Welcome to the Chubby Chatterbox Newsletter, where I’ll be posting favorites from the Chubby Chatterbox archives. In addition, my complete thriller Return of the Mary Celeste will soon be serialized here for those who have asked for something beyond a regular post.

My novel is based on a true event, arguably the greatest maritime mystery of all time. In 1872 the crew and passengers of Boston brigantine Mary Celeste abandoned their seaworthy ship and its valuable cargo, vanishing in the middle of the Atlantic. Speculation over their fate has never abated. History records that after the Mary Celeste tragedy no one from that fateful voyage was ever seen again. History is about to be rewritten…

Return of the Mary Celeste

Prologue

Tragedy struck the brigantine Mary Celeste on the morning of November 25, 1872. The hourly log was later recovered from the deserted vessel; At 8 a.m. the last notation was made. By 9 a.m. no one remained aboard to chalk the next entry.

Something had terrified Captain Benjamin Briggs and his crew, prompting the seasoned skipper to make a decision certain to affect not only himself, his ship and crew, but his family as wellβ€”his wife and two year old daughter were aboard Mary Celeste. Much ink has been spilled in fanciful and scientific attempts to explain the calamity that engulfed this perfectly seaworthy ship, yet all that is known for certain is this: in a matter of minutes Captain Briggs became convinced that the only way to save their lives was by ordering everyone into a hastily launched lifeboat. By giving the order to abandon ship, he also launched the greatest of all maritime mysteries.

β—Š

On December 5, 1872, a month after leaving New York Harbor, Mary Celeste was found drifting on a calm and empty sea. The ship was in fine condition, perfectly intact with valuable cargo safely stored in her hold, but the crew and passengers had vanished. None were ever seen again.

Until now….

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Requiem for a Plant

August 28, 2015

 

It's good being back after resolving my computer woes, I hope.

 

Today I’m committing planticide. The victim of my crime might want to die, so it might be an assisted suicide, making me a plant killing Dr. Kevorkian. After keeping our only houseplant alive for fifteen years, today I’m sending it to that Chlorophyll Bridge in the Sky.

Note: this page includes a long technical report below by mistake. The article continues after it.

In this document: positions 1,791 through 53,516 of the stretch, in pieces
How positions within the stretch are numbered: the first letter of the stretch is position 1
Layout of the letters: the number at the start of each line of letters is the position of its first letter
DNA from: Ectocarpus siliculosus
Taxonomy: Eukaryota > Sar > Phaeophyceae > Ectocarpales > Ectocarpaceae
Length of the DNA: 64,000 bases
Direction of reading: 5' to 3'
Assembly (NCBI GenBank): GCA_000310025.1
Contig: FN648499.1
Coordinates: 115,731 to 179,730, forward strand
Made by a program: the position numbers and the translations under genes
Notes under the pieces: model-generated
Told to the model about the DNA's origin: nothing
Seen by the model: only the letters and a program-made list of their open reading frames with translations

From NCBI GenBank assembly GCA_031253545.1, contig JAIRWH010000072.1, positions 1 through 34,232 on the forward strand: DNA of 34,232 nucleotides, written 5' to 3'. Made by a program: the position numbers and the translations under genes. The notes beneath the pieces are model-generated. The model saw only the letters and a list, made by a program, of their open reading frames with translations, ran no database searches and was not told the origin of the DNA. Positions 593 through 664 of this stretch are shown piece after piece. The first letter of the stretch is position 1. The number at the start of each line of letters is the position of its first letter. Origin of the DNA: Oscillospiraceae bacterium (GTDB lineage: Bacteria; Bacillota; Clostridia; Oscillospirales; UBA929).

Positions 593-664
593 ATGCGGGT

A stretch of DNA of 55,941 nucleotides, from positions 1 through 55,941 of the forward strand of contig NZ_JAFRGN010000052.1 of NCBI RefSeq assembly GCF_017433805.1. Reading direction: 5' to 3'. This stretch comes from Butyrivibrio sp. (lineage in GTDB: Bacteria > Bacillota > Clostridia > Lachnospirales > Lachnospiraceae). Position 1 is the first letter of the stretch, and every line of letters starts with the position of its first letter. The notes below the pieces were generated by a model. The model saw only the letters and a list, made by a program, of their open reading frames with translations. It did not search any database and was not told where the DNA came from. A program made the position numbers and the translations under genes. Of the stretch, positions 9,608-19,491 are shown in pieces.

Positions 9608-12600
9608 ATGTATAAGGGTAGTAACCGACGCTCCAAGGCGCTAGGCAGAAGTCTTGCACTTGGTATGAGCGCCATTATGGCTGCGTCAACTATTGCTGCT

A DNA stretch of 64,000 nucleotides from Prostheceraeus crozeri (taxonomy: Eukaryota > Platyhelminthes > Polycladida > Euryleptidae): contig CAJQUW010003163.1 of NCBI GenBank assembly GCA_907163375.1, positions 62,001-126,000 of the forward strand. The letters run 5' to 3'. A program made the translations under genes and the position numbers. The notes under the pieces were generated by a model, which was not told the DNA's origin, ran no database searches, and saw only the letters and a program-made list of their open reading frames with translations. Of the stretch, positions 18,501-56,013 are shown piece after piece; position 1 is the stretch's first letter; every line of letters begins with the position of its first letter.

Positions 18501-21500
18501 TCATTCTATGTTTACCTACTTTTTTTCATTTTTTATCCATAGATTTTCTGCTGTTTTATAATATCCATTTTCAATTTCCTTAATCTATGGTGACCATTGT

When my beloved mother-in-law passed away in 2000, my wife’s employer expressed sympathy by sending her a large plant arrangement. All but one of the plants soon died. Mrs. Chatterbox and I have “black thumbs” and have never been able to keep plants alive. Mrs. C. grew up with nothing but artificial plants. As for me, I was raised by a woman who never owned a plant she couldn’t kill in a few days.

           

She’d water a cactus like it was moss. I’d say to her, “Mom, that’s a desert plant. It doesn’t need much water.”

           

“It looks thirsty,” she’d say.

           

“Explain to me how a plant can look thirsty. It isn’t drooping or turning brown.”

           

I recall squeezing a part of her cactus that wasn’t prickly. Water dripped out as if it were a soggy sponge.

           

Somehow, it fell on me to nurture and water this plant. We had a few dicey moments when I almost lost it, but I consulted with plant experts, mostly amazing gardener and travel partner Tina N., and brought it back from the brink, refusing to let it haunt me as a potted zombie.

           

This plant is a familiar fixture in our home, droopy, but it has patiently waited for us to return from extended stays in Turkey, India, Thailand and Germany. But in later years it seems more and more ambivalent to our return, convincing me that ours is not a happy plant.

           

Over the years I’ve bought it plant food, altered its position in our home to receive the proper amount of light, trimmed it, repotted it several times to inspire the growth which never came. Eventually, I put it in a pot too big to lift and purchased a plant dolly to roll it out onto the deck in winter to catch the weak rays of the sun.

           

You never had a name and I didn’t talk to you much as Prince Charles might have done, and I never bothered learning what type of plant you were, but I do feel bad about sending you into plant oblivion. You might have struggled on for many more years, but the sad fact is I’m tired of taking care of you. Lately it’s become a one-way relationship and I’m not getting much out of it. Don’t blame yourself; it’s not you, it’s me.